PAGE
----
April 21, 2012 in Spirituality
During my last two years of college and for several years afterwards, I held a position with a local church. My responsibilities included teaching three classes for young adults: one on Sunday morning, one on Wednesday evening, and another on Friday evening. Since my goal was to get those who attended one class to attend all three of them, I taught a series on Bible prophecy. Each class answered questions raised during a previous class.
My plan worked. The attendance gradually increased as many of those who previously only attended one weekly class started coming to all three of them.
The meetings became the cool place to be on Friday evenings and it wasn’t unusual to have more people attend my Wednesday evening class than attended the church’s main service.
When I jokingly asked the senior pastor, who was also a good friend, why this was happening, he gave a profound response.
“You’re talking about the future coming of a hero. I’m talking about present responsibility. Most people prefer it when the spotlight isn’t shining on them.”
In the almost thirty years since then, I have noticed this isn’t only true with Christians. It is true with humanity in general.
We are all looking for a hero.
Jews look for the Messiah. Christians look for the second coming of Jesus. Other traditional religions have their heroes too. Those who believe in ETs look to the skies for their salvation from today’s trials.
On a more earthly level, we look to The White Hats, The White Dragon Society, or The Oath Keepers to lead the revolution that will restore democracy, deliver us from The Fed, and give the 99% the opportunities only available to the 1%.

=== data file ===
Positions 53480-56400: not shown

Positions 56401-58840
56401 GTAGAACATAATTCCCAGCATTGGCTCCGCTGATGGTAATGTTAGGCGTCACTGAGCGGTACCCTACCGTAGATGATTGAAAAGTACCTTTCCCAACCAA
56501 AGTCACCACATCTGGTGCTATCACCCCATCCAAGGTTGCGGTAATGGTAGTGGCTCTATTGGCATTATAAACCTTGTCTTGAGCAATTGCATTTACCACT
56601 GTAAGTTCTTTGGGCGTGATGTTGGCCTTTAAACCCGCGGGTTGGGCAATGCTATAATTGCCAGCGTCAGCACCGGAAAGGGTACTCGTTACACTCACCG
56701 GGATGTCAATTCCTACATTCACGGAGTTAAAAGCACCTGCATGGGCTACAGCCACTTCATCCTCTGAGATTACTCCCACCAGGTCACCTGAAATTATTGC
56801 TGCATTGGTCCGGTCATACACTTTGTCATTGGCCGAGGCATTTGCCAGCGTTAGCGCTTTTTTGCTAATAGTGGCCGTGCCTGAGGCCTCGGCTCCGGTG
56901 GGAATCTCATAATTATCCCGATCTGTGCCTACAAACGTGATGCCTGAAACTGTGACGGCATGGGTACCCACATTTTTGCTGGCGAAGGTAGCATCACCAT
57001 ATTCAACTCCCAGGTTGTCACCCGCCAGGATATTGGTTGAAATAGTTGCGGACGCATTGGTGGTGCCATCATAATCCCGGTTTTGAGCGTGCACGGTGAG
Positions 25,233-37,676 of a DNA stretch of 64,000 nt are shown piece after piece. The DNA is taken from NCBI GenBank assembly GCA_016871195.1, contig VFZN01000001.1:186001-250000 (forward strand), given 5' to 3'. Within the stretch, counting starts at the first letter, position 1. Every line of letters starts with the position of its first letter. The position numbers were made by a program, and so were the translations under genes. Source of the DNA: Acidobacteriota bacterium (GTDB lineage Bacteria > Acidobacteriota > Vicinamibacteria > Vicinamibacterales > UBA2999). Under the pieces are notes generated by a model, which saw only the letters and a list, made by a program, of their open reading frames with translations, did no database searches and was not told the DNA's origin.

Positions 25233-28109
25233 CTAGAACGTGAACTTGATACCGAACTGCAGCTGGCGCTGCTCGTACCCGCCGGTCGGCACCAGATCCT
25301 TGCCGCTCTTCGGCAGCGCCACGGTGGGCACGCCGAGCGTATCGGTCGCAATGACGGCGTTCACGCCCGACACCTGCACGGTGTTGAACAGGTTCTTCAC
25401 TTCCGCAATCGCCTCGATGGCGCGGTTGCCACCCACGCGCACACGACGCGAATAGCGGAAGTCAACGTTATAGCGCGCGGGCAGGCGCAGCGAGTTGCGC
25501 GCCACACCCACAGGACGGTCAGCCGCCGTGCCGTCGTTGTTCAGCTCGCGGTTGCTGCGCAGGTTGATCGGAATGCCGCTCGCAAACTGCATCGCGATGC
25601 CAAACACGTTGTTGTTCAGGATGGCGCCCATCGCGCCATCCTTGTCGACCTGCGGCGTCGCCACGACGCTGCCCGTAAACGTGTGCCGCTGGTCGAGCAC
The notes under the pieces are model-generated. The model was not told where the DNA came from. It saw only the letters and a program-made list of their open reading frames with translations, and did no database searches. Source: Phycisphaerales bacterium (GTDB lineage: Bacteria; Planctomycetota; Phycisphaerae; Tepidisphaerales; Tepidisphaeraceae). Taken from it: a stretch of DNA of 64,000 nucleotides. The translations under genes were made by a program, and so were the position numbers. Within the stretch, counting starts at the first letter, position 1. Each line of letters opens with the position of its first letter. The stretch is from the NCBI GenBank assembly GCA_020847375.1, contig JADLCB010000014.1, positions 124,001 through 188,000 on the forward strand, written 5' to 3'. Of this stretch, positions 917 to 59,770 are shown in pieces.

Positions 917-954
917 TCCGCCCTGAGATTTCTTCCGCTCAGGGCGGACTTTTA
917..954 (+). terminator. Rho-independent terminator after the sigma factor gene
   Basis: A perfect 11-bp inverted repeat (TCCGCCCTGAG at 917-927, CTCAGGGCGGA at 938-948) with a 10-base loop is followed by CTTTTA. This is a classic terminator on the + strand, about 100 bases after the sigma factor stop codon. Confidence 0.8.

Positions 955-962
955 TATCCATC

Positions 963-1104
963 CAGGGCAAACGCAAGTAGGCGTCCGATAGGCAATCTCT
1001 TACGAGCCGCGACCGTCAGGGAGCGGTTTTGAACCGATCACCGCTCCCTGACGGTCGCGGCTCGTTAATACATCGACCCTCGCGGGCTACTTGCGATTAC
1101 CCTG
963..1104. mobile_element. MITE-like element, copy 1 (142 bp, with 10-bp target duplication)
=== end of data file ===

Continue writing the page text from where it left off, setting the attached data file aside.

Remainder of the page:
As I have lived my life, faced daily challenges, and had different levels of success, I have noticed that more often than not…
…you have to be your own damn hero.
Don’t get me wrong. It is always nice to have help, especially the supernatural kind.
The myths of something wonderful happening in the future are so prevalent that I have to believe they contain substance. Each story of help from The Messiah, Jesus, friendly creatures from another galaxy, or the Hopi’s blue star kachina resonates with humanity at a deep level.
The rumors of mass arrests reported by Drake, David Wilcock, and Benjamin Fulford feed our need for a hero.
I believe it is part of our DNA and, as a result, it is something we will manifest.
This in itself is not a problem.
The key is our response. If we are not careful, our response to this innate need, fed by current rumors, will take us out of the present moment. We will abandon our responsibility. We will let someone else, anyone else do our job.
Truthfully, this is how we got here.
We abdicated our responsibility to someone else. We relinquished our financial prosperity to the banks. We gave up our rights to prosper and live at peace.
Now, as we realize the consequences of our actions, we are looking for someone else to do the dirty work so we won’t have to do it. We cling to the idea of a champion.
May I be frank?
I believe the hero we crave is an internal emptiness that each person is attempting to fill.
I believe the hero we are looking for without can only be found within.
Supernatural assistance may be available. A revolutionary movement may be happening.
We are on the threshold of a new world.
However, for true change to take place, each person will have to be his or her own damn hero.